The second surgical hospital in which i served was only a 60 bed hospital, very modest. The surgical hospital of the motion picture and the television hospital (i.e., from the novel) was undoubtedly a hundred bed, if not a hundred-fifty bed unit. We had six surgeons, and two internists. All surgical hospitals must be commanded by a surgeon, and surgeons who have completed their residency are promoted Major upon completing their induction training. So our hospital commander was a Major, the executive officer was a Lieutenant Colonel (Medical Service Corps) and the Chief of Nursing Services was a Lieutenant Colonel. In addition, there were, besides the nurses, a detachment commander (Captain) for the medical detachment, a Registrar (usually a Captain, as was the case in that Surg), and warrant officers who were the medivac pilots--we also had a Lieutenant who had been promoted from Warrant Officer and who commanded the air transport platoon. We were, of course, open 24-7, and a surgeon and an internist, or two surgeons, were on duty at all times.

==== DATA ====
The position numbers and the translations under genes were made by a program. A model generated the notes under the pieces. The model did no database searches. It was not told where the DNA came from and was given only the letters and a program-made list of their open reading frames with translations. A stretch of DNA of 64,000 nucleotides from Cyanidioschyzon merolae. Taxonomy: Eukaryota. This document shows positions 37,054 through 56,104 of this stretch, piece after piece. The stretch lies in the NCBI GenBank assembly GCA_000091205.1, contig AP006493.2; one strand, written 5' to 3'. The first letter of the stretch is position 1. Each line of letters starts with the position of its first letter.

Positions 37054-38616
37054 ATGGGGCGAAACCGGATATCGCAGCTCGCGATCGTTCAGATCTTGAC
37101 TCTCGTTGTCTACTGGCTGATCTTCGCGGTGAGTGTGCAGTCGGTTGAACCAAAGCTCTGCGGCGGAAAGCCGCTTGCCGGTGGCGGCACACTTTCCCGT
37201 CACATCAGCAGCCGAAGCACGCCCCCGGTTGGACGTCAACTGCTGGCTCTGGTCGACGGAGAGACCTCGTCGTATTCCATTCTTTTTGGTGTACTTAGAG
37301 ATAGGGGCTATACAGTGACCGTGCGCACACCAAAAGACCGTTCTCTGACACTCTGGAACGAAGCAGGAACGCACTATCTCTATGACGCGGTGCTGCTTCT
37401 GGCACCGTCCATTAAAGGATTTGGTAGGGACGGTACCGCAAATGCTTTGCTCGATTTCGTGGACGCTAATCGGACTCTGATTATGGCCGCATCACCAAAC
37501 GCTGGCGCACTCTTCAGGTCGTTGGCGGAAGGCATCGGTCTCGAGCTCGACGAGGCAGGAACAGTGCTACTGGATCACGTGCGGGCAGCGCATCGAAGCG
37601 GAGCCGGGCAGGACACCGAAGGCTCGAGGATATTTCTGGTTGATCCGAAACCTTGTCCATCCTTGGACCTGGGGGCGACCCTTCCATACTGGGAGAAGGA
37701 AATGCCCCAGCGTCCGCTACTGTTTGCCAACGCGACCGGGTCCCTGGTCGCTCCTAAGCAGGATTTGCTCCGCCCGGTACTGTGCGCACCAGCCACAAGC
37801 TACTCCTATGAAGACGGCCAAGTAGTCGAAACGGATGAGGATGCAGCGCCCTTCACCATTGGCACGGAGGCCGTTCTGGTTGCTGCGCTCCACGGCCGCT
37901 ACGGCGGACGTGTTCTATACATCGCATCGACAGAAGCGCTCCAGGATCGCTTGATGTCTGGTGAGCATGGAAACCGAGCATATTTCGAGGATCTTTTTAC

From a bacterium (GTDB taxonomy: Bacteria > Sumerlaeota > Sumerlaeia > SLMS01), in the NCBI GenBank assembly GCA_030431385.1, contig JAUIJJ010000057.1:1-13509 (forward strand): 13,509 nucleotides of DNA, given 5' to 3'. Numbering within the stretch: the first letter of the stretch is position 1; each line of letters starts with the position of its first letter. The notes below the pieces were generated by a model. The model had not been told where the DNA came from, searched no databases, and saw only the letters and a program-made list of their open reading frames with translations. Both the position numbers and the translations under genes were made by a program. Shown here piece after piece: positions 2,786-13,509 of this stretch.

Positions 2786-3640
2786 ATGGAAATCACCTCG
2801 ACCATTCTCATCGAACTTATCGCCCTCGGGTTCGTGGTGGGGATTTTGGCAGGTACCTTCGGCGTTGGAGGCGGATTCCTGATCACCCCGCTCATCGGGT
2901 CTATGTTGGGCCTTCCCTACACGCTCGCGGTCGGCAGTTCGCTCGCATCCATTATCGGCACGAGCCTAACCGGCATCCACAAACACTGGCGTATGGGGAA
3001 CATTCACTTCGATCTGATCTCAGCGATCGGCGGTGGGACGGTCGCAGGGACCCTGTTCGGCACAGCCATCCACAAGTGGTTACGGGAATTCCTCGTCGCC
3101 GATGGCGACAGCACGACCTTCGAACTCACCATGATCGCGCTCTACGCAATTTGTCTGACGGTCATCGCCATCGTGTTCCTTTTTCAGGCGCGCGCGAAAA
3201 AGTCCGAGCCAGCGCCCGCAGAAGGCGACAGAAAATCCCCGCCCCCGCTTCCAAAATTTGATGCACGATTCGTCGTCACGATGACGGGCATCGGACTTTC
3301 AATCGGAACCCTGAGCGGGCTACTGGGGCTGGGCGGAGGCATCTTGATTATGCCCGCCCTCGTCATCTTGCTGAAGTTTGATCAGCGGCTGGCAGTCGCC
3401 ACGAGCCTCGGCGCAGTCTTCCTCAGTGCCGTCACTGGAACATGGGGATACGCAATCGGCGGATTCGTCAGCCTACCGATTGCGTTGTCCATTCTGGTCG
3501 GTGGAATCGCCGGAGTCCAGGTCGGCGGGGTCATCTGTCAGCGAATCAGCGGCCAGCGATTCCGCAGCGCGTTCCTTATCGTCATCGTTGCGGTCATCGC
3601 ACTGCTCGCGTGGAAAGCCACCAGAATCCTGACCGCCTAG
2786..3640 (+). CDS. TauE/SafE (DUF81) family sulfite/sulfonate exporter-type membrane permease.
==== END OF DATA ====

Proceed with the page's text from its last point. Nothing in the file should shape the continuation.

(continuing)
I could go on for pages about how unrealistic the depiction of that hospital was, but i'm not the kind who lets that sort of thing spoil good entertainment for me. The motion picture, however, was a fairly accurate depiction of a surgical hospital in the field, and Altman did a good job with it.
Interestingly, by the time i was first assigned to a surgical hospital, they were no longer designated MASH. They were designated Surgical Hospital (MA), the latter acronym meaning "Mobile Army."